AMD Instinct MI200, new Linux patches reveal the amount of HBM2E memory

AMD Instinct MI200, new Linux patches reveal the amount of HBM2E memory

AMD Instinct MI200

AMD won't be talking about its Instinct MI200 GPU compute for some time yet, but Linux patches continue to reveal new features and capabilities for these upcoming products. Apparently, the GPU that will be used in the Exascale Frontier supercomputer will have a memory subsystem that supports up to 128GB of HBM2E DRAM.

We already know that AMD's Instinct MI200 compute GPU, codenamed Aldebaran, will be based on the CDNA 2 architecture and uses two dies in a single package using AMD's high-performance Infinity interconnects. Phoronix colleagues reported that one of AMD's latest Linux patches for its AMD64 EDAC driver revealed the memory architecture of the Instinct MI200. Apparently, each of the Aldebaran die has four unified memory controllers (UMCs). Each UMC supports eight channels and each of them is connected to 2GB High Bandwidth Memory of the second generation (HBM2).

Recall that an HBM2 stack supports a 1024-bit interface, generally called the HBM2 channel. However, internally, an HBM2 stack consists of two, four, or eight DDR DRAM devices with two 128-bit channels per device on a basic logical die. Essentially, an HBM stack supports up to eight 128-bit channels on its 1024-bit interface.

At this point it is not entirely clear what AMD means by channel, but it seems likely that it indicates eight 128-bit DDR channels within the 1024-bit HBM2 stack. Essentially, this means that each of Aldebaran's UMCs can connect to four HBM2 stacks on a 4096-bit memory interface. With each channel addressing 2GB of memory, one die can address up to 64GB of memory, while two dies can run with up to 128GB of memory. The actual bandwidth of Aldebaran's memory subsystem is unknown, but assuming AMD uses SK Hynix's latest 3.6Gb / s HBM2 stacks, its memory subsystem will provide the GPU with up to 3.64TB / s of width of bandwidth.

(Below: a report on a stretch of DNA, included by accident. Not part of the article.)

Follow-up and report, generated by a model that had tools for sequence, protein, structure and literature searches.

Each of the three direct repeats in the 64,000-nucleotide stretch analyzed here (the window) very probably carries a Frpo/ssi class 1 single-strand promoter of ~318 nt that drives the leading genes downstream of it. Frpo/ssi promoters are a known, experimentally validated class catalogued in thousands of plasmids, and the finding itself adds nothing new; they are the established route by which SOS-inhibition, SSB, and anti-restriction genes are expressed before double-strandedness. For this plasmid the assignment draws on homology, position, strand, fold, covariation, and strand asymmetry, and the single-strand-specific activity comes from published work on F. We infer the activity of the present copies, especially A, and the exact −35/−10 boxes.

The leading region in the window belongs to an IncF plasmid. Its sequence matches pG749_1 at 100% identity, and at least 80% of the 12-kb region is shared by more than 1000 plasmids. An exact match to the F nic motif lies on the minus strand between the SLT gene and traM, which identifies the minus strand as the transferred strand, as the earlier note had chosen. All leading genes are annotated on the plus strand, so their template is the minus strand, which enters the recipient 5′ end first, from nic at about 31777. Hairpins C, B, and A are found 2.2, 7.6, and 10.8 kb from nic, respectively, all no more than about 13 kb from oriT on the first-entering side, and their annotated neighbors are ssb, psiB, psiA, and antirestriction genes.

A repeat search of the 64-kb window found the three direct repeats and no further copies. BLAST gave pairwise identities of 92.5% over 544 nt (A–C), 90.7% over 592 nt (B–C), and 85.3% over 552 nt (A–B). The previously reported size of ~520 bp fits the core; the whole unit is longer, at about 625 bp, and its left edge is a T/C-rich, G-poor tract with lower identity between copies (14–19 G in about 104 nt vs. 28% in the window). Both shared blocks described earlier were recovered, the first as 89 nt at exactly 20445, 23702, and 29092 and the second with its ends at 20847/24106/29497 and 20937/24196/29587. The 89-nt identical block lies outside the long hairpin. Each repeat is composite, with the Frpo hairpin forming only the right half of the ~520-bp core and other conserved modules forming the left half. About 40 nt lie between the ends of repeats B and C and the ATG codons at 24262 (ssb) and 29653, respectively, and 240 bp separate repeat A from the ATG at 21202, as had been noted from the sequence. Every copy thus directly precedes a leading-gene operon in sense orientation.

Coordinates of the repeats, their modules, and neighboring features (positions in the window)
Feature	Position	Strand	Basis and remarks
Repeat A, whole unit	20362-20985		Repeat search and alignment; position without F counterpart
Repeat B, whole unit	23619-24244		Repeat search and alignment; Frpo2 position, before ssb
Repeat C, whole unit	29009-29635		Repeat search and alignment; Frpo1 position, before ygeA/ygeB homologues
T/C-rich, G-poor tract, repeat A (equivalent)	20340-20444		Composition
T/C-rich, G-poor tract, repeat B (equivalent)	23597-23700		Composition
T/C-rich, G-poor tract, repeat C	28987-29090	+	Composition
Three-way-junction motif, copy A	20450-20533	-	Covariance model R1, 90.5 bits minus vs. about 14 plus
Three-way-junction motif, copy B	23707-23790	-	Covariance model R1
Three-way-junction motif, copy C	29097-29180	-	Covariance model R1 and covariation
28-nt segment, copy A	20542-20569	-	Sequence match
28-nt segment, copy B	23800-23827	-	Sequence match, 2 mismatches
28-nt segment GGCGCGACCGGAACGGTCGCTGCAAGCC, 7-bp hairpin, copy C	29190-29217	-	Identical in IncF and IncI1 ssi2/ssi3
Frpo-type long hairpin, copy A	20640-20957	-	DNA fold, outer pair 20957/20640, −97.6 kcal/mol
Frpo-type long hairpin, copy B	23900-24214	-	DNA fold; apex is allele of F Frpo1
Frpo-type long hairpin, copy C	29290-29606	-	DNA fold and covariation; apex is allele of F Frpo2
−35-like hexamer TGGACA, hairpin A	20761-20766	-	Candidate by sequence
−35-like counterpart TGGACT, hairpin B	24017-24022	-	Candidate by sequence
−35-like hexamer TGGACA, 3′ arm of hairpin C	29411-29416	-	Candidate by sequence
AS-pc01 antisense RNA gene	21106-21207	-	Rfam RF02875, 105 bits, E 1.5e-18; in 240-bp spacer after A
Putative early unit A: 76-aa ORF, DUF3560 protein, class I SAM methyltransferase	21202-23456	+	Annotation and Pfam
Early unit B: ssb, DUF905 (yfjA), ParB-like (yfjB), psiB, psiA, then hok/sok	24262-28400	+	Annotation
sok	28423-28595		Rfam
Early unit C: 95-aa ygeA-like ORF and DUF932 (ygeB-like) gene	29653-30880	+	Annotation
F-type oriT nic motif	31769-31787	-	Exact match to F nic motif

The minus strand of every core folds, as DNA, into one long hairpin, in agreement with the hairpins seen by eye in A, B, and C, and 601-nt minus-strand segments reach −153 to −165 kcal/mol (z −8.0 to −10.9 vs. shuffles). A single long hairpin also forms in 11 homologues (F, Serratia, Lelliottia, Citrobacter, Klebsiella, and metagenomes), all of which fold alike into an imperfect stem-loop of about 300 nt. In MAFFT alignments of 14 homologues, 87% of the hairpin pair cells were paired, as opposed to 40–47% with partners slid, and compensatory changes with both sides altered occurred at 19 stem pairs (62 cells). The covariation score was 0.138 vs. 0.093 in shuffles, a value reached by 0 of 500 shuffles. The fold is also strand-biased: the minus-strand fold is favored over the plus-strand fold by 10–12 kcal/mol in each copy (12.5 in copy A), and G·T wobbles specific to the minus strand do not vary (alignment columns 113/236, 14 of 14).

GPU computes must use ECC memory, so some of the bandwidth and capacity is used for error correction. To that end, not all of Instinct MI200's 128GB of memory will actually be available for applications.

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Linux Prepares For AMD Servers With Aldebaran GPU Nodes Sporting HBM2

The latest public code patches on the mailing list today are preparing for newer AMD heterogeneous servers that will have Aldebaran GPU nodes connected via xGMI links to the CPU(s) and the GPU dies in turn having HBM2 memory.

These new heterogeneous AMD system details were revealed today as part of a set of patches prepping the AMD64 EDAC (Error Detection And Correction) kernel driver code for non-CPU nodes. The AMD64 EDAC driver is for traditionally dealing with and correcting system DRAM ECC errors while now being extended to GPU node memory accessible from the CPUs via the xGMI high-speed interconnect.

The public patches note that there will be systems with GPU nodes connected via xGMI links and the GPU dies have HBM2 memory. The patches go on to confirm those nodes as being Aldebaran, the codename for a next-gen AMD CDNA GPU/accelerator that saw initial kernel driver support in Linux 5.13 and continues seeing more open-source driver work around it. Aldebaran is the apparent successor to MI100 'Arcturus' and thus presumably will debut as something along the lines of the AMD Instinct MI200.

These patches published a short time ago note that Aldebaran has two dies (further confirming Aldebaran as an MCM design) with each having four unified memory controllers (UMCs). Each unified memory controller manages eight memory channels that each are connected to 2GB of HBM2 (or HBM2E) memory.

The seven patches posted prepare the EDAC memory driver for the notion of connected non-CPU nodes, recognizing the HBM Gen2 memory type, address translation on Data Fabric version 3.5, and related plumbing. Getting this Linux support squared away timely is being driven by the dominance of Linux in the HPC space and especially with AMD's increasing supercomputer design wins. Most notably Aldebaran and in turn this Linux code is likely what we are to see within the upcoming Frontier exascale supercomputer where it has been mentioned already to have the coherent interconnect between the EPYC CPUs and Radeon Instinct GPUs.

Given the timing of these patches with the Linux 5.14 merge window already open, these amd64_edac additions will likely land for Linux 5.15 unless drawn out by an extended review process.